“Our guys are excited to have the opportunity to play Pottsgrove. We feel we have nothing to lose.”

That mentality, not to mention the Bears’ size, speed and talent on both sides of the ball, is what concerns Pennypacker. Quarterback Dylan Pasik has guided an offense that has yet to turn the football over. Thus far he is 11 of 17 for 376 yards and five touchdowns throwing the football, and he has a slew of backs to hand off to, among them Jon Neiman and Jared Von Dohren.

The defense, which has surrendered just two touchdowns in two games, is led by Dalton Schaeffer and Chris Muller up front. Behind them, linebackers Jeff Elwanger, Zach Heffner and Troy Heuer have been on the spot, as have Brooke David at a corner and Tyler Mauger at strong safety.

“This will be one of the toughest games we play,” Pennypacker said. “I think this is one of the best Boyertown teams we’ve seen in a few years, too. They’re big, fast and tough.”

Don’t think Scisly isn’t aware of who the Bears have to deal with, though.

Much like their hosts, the Falcons have size, speed and talent. They’re very experienced – and good – on both lines. And they have what you may call the Troublesome Threesome, or Terrell Chestnut, Kayvon Greene and Maika Polamalu. Combined, they have taken 52 carries for 604 yards and 13 touchdowns. That’s an average of 11.6 yards per carry, or a touchdown every four handoffs. That isn’t troublesome, that’s terrifying for most defensive coordinators.

“We’ve prepared for Boyertown just like we do for everyone else,” Pennypacker said. “We have to because we know we are the underdog … everyone wants to see us lose. We know that. It’s no secret.

“We know people have built this game up so high, but it’s our job (as coaches) to keep our players focused on the task at hand. This is a big game, but we still have to play an entire schedule and not just two games in September.”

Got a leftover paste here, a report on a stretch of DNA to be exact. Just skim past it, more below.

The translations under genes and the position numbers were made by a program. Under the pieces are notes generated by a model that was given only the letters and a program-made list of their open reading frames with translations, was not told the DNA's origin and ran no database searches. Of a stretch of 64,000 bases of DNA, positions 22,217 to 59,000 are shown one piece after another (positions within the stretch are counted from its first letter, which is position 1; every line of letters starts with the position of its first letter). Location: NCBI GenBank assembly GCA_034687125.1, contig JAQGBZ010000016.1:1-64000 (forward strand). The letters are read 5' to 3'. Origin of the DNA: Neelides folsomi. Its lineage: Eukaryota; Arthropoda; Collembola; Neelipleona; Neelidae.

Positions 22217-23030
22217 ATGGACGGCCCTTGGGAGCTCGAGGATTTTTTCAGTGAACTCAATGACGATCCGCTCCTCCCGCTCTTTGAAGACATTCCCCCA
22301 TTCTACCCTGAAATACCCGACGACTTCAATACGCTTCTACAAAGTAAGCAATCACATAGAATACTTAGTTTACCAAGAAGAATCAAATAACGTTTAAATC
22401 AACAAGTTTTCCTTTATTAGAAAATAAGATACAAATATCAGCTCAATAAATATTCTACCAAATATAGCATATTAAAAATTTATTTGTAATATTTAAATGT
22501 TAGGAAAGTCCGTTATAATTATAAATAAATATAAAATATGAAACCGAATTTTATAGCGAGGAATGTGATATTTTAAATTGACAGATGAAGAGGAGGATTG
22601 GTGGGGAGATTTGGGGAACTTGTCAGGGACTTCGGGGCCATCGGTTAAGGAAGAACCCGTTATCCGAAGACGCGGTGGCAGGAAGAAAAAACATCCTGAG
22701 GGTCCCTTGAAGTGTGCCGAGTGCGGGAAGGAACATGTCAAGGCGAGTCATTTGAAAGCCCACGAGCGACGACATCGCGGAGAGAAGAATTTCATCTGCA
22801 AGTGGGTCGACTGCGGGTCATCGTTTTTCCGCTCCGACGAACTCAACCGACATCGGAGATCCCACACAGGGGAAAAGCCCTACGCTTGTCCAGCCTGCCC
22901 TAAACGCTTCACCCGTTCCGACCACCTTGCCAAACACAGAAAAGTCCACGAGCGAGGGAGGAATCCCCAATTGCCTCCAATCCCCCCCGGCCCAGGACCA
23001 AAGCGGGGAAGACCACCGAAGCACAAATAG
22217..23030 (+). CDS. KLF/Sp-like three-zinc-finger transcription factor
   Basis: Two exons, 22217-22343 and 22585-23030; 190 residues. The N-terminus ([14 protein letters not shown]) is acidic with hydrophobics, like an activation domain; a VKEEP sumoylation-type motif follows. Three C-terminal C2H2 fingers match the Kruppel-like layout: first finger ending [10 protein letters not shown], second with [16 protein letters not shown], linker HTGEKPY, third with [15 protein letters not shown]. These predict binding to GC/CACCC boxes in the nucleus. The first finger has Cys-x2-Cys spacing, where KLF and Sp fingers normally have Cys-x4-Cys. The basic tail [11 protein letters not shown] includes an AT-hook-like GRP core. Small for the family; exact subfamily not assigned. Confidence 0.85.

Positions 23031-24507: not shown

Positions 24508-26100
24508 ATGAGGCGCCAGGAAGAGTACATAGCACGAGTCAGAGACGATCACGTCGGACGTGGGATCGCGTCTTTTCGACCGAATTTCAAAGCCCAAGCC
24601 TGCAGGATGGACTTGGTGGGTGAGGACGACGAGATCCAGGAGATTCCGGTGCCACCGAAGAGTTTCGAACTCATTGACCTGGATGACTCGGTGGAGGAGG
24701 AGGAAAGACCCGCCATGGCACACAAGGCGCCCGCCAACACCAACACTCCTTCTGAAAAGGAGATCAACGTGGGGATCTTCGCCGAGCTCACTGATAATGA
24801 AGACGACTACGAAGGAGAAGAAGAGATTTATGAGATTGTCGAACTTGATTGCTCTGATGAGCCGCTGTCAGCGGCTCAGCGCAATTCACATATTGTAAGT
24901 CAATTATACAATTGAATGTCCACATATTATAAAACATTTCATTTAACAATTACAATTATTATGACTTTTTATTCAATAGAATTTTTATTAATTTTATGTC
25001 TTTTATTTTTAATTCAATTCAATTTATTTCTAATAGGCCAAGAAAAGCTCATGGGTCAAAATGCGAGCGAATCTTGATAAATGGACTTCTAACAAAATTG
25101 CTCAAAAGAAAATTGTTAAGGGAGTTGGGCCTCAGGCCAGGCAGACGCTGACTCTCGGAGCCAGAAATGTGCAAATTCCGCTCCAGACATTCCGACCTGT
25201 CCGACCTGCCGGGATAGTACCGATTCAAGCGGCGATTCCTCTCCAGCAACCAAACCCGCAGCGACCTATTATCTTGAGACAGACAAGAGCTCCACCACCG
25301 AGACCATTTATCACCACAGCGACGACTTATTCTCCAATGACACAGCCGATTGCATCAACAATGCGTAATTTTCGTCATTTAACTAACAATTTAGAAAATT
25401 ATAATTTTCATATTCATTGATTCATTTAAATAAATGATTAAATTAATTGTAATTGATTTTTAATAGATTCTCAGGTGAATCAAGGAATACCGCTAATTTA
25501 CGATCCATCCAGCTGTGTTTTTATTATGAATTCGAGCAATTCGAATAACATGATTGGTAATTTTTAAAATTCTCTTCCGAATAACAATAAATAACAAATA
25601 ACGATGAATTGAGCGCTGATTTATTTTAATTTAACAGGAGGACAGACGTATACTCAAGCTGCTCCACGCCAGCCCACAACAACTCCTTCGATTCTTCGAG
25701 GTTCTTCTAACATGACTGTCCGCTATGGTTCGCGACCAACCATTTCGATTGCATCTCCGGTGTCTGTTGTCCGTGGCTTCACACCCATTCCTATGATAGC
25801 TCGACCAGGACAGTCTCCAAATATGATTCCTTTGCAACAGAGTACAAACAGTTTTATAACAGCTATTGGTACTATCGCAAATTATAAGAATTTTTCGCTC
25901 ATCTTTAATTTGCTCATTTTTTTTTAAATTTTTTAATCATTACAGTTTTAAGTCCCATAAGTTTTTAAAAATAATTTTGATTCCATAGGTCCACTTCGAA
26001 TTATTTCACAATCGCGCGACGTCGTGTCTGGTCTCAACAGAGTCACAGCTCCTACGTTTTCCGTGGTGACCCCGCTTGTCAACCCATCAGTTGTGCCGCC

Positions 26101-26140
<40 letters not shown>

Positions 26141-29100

Over at Owen J. Roberts, head coach Tom Barr pretty much said the same thing.

The Wildcats, whose only two league losses the last two seasons have been to Pottsgrove, cannot afford to look ahead to another October rematch with the Falcons. There’s plenty to do before that, and it begins tonight at Spring-Ford.

“Our goal is to win the PAC-10 title, but that’s the goal of the other nine schools in our league, too,” Barr said. “We have to take one game at a time.”

First up is Spring-Ford, a team off to its first 2-0 start since 1999.

“Spring-Ford has a new coach (Chad Brubaker) who knows how to win and how to motivate his players, and the Spring-Ford players are excited, believe me,” Barr said. “They’re excited over their start, and they want to prove something to everyone else in our league. They’re coming into this game with a lot of emotion.”

The Rams come in with an offense that’s already generated 721 yards and 72 points. They have a sophomore quarterback (Hank Coyne) who’s shown poise in the pocket and thrown the football well, and a pair of backs (Chase Stewart and Drew Thomas) who can accelerate and find the end zone in a hurry.

“My concerns start with playing a team with a lot of emotion, a team that has lost to us the last two years, a team that seems to be finding ways to win now,” Barr said.

But Brubaker and the Rams will have to find a way to stop OJR – namely Ryan Brumfield. A game-breaker and, of course, record-breaker, Brumfield has 459 yards and five touchdowns already. Going back to last season, he’s run for 200 yards or more in six straight games. Sam Funk can’t be overlooked, either, regardless of where he lines up offensively.

But neither Brumfield, Funk or anyone else does it alone. Up front, OJR has as good as one-two-three punch on the line as anyone with center Mike Nowak, guard Sean Moloney and tackle Kyle Moore, and newcomers Jake Manfredi and Mike Shine haven’t exactly been pushovers, either.

“Right now there’s a lot of pressure on our seniors, especially the four (Brumfield, Funk, Moloney and Moore) who’ve been with the high school team for four years,” Barr said. “But the pressure has been on the positive side, meaning influencing the players to work hard. And we’ll have to work hard and continue to play aggressively in this game.”

And to think there’s nine more weeks to go.